With over 40M recently displaced workers in the U.S. and more to come, many not returning to the same jobs needing to seek new employment, being prepared in your search is more important than ever. Besides an impeccable resume, solid LinkedIn profile, extended networking, and due diligence researching on the web, which everyone else will be doing, here are some additional ideas to help you prepare.

1.     Prepare your own video introduction with a killer elevator pitch and individualize for each job you are interested in. You also want to get “video ready” with proper lighting, background, and setting for those inevitable video interviews. The free version of Zoom (and other tools) lets you easily record a video that you can send directly to potential employers. Most employers that I talk to now welcome videos, and because they are still unique, tend to open them to preview candidates as an aid in selecting whom to interview. Make sure to PRACTICE prior to any formal interview or recording session.

2.     Use the SEC’s Edgar site (https://www.sec.gov/edgar.shtml) to read COVER TO COVER the 10-k of the company you will be interviewing with. Not only will you gain insight and terminology relating to the company and the industry, by doing some basic financial analysis (and yes, this WILL impress your interviewer), you will be better prepared than 99% of the other candidates who did not make this extra effort. If the company you are interviewing with is not publicly-traded, read through a publicly-traded competitor’s 10-k in the industry to be more familiar with the environment.

3.     Reach out to alumni employed at your target company prior to interviewing. They probably have some insight regarding the hiring process and might even know the people you will be interviewing with. LinkedIn makes this easy.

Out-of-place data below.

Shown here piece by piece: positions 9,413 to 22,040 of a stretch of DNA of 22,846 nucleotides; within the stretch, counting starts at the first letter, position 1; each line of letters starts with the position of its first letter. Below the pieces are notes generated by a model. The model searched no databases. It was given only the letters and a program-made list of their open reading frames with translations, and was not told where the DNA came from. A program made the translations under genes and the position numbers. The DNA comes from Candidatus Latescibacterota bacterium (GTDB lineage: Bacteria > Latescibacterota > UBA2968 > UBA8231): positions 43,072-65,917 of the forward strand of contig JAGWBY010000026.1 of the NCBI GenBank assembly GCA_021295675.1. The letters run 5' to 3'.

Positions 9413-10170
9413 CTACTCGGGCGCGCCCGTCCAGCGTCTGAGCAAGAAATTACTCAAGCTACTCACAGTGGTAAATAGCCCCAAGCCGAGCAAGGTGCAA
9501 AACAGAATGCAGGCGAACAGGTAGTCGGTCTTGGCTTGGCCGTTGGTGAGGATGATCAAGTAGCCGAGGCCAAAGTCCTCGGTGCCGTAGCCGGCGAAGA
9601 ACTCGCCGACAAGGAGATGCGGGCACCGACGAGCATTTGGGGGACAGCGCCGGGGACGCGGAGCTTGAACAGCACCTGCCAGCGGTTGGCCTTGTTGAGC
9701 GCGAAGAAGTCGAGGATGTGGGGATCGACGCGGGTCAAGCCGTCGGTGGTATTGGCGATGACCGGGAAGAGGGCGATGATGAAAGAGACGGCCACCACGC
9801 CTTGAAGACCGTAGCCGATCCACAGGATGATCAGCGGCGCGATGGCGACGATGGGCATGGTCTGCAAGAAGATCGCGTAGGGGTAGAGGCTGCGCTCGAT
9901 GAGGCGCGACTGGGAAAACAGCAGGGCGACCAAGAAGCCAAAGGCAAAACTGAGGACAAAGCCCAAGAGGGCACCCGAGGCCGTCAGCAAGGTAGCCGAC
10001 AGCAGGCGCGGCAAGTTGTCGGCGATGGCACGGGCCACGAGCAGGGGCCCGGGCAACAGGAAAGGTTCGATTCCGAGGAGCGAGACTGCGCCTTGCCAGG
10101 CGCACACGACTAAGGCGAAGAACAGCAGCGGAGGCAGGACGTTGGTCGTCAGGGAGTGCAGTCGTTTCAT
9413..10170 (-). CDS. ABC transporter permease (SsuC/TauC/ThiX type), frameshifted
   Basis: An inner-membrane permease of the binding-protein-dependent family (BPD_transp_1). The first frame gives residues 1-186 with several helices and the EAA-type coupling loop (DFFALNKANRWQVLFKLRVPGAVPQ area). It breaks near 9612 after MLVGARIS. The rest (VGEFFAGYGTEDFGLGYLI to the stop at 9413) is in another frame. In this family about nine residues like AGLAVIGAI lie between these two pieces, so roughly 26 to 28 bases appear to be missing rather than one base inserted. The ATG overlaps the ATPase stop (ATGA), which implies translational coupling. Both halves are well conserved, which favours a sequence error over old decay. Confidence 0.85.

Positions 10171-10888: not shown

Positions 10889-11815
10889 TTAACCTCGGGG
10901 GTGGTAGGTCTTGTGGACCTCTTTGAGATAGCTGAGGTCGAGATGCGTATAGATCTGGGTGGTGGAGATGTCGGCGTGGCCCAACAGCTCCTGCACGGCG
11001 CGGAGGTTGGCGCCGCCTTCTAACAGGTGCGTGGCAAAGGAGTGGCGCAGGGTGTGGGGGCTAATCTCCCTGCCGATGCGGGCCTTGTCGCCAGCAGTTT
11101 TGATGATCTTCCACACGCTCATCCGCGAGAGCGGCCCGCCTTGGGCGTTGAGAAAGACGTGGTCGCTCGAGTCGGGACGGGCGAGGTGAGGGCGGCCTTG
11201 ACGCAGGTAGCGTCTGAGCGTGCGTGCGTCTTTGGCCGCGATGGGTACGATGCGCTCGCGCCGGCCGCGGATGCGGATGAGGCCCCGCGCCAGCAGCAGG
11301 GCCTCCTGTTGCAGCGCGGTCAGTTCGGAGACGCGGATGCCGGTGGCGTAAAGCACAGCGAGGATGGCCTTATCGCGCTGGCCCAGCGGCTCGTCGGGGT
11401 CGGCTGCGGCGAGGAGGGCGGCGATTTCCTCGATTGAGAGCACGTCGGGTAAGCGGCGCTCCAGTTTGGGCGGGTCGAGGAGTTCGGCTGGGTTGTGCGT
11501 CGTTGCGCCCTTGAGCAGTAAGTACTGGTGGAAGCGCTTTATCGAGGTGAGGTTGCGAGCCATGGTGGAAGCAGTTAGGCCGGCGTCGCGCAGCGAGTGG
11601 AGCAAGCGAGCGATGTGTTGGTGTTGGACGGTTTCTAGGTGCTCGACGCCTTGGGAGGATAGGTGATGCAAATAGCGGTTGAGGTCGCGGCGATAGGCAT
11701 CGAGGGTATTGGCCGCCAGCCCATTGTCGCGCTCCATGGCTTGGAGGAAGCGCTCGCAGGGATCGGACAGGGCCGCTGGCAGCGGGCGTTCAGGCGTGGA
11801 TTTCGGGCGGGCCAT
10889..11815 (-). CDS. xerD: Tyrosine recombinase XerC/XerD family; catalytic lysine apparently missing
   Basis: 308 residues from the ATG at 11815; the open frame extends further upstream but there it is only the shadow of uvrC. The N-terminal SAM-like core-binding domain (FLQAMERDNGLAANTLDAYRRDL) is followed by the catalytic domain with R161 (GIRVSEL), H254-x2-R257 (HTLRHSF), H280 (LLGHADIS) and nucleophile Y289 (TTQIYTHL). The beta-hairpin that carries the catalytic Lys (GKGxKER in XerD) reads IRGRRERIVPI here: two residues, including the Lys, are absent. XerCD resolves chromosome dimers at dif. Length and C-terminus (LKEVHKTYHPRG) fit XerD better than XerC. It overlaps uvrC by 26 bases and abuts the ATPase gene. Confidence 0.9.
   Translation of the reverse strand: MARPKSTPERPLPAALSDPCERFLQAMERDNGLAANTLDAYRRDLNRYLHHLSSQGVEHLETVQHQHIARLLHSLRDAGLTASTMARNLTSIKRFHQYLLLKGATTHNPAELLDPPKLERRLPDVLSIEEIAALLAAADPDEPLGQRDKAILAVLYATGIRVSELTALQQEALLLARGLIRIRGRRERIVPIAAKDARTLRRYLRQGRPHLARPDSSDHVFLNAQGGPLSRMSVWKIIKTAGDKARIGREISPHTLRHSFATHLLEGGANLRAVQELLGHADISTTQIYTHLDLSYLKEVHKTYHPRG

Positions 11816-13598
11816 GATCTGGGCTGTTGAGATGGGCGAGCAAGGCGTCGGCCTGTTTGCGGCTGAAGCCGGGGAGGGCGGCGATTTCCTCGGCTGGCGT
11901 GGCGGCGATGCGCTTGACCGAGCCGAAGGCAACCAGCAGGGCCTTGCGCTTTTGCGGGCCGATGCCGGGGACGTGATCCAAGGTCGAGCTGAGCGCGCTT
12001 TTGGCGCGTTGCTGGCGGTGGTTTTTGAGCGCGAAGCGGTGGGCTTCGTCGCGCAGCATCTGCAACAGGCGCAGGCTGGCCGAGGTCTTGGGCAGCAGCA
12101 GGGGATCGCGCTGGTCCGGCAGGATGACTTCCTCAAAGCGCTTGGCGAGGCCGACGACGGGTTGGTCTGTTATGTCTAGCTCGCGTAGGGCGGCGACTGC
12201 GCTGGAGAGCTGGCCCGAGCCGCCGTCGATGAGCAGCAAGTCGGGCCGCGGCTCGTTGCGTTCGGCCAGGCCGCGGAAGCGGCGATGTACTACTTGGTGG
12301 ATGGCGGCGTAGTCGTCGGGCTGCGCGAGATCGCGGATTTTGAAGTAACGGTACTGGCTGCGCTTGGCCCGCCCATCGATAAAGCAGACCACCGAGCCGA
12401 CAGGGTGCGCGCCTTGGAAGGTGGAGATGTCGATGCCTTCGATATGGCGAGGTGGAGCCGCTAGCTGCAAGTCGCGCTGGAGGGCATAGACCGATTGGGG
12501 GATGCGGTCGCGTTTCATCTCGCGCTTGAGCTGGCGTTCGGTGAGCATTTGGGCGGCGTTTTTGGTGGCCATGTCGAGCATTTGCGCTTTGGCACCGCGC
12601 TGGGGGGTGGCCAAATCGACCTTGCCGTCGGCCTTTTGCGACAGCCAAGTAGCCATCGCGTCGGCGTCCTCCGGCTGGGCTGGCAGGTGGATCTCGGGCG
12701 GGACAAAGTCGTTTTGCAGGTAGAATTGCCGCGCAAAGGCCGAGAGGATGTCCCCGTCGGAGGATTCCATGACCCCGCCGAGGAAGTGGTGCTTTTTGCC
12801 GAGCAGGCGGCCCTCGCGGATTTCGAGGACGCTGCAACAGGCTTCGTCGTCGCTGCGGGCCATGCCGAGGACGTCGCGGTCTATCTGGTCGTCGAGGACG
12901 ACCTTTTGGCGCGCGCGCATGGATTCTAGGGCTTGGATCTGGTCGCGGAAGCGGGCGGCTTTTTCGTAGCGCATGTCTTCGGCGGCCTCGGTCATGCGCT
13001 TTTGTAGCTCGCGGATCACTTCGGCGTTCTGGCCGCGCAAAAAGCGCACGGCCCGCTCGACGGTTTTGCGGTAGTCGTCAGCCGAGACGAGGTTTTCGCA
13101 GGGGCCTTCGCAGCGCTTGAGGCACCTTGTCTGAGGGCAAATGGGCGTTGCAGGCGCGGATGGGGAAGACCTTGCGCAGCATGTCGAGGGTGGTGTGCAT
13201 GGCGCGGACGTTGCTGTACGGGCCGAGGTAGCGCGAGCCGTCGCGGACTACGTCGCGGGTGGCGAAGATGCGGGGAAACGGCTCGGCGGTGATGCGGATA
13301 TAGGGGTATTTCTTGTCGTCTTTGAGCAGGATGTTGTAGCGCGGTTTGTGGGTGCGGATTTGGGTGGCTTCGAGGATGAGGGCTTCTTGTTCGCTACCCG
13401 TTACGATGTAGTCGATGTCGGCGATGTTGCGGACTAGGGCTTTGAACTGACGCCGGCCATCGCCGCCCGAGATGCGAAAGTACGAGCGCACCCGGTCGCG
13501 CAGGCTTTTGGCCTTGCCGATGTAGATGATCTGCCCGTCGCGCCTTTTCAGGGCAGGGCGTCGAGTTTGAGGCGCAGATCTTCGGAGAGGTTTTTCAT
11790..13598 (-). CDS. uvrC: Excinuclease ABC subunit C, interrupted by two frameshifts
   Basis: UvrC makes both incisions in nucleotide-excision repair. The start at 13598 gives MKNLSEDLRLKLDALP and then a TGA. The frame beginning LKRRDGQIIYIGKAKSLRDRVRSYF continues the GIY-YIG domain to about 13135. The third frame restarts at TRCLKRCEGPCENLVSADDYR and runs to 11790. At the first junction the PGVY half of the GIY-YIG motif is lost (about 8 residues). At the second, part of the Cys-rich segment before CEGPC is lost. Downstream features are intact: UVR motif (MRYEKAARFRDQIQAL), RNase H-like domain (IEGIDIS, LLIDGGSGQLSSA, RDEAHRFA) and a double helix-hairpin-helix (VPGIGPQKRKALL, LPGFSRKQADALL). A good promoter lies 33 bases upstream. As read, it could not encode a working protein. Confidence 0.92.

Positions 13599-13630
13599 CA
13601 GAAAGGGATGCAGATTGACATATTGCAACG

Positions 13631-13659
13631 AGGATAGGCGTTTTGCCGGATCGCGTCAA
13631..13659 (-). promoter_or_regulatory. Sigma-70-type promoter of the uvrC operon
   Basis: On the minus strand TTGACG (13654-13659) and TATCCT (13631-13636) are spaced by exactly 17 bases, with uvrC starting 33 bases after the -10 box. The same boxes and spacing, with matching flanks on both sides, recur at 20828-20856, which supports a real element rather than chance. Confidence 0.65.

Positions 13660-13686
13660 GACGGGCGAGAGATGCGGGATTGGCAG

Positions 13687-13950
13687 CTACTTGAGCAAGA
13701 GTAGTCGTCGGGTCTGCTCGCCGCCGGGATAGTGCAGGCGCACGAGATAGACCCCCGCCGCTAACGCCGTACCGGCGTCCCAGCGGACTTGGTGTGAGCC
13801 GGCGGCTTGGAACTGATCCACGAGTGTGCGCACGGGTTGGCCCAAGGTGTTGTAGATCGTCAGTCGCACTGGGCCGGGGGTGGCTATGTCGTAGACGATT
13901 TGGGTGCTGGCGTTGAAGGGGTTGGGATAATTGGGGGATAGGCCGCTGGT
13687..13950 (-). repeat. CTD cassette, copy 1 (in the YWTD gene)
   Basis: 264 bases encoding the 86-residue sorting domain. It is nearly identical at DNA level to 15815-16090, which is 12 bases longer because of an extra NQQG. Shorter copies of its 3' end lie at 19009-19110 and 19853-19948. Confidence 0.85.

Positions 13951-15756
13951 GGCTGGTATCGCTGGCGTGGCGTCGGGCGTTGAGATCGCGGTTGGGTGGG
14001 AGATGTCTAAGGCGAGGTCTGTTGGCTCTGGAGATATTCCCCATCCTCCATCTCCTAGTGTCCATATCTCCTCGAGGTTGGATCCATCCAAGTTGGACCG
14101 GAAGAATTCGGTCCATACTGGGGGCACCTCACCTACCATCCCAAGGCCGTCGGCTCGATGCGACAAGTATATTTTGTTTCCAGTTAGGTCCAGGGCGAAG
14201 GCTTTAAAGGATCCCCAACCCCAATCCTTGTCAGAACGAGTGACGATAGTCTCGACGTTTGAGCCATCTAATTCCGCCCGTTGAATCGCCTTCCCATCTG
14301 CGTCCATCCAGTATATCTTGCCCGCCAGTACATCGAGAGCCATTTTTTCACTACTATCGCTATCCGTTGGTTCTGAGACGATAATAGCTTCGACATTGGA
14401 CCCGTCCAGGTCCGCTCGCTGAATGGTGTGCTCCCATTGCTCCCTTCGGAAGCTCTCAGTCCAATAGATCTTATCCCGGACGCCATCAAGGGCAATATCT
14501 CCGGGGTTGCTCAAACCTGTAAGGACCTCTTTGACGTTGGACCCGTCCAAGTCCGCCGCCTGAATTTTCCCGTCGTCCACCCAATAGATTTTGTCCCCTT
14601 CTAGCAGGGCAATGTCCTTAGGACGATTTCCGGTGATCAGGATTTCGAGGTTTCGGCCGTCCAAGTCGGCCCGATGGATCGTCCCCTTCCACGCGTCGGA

4.     Make sure to ask your contact prior to your interview for the names of other individuals you will be speaking with. Reach out to them PRIOR to your interview with a LinkedIn PERSONALIZED connection invite if they are on the platform. This demonstrates extra initiative and provides another chance for name exposure. Some might disagree and consider this aggressive, but I would rather have a candidate demonstrate a sincere interest and bring awareness to me of that interest then be another candidate lost in the crowd. Frankly, if initiative and strong performance is not rewarded or appreciated, this might not be a company I would want to pursue my career with.

5.     Research ALL the people you will be interviewing, again using LinkedIn as a primary source, to find out backgrounds and gain perspective on what that person’s insight might be. If they came from a competitor or have been there for twenty years, you have the perfect opportunity to ask insightful questions that directly relates to that individual’s background.

6.     God gave us two ears and one mouth. Even though you will field lots of questions, you want to make sure you get your interviewers talking. Ideally, they will speak more than you do.

7.     Make sure your resume and LinkedIn profile are perfect. Include your custom URL in all communications, such as your email signature block and letterhead stationery. Additionally, please the URL on your resume with your phone number and email address. It demonstrates that you are plugged into a professional social network. They will be checking it anyway so why not get the benefit of recognition by having it on your resume.

Speaking of interviewing, Indeed.com recently published a 125-question guide WITH answer ideas and tips starting first with “Tell me about yourself.” It’s worth a look: https://www.indeed.com/career-advice/interviewing/top-interview-questions-and-answers .

As the competition for positions increases, the above tips will help you make a more positive impression that will get you noticed and hired!


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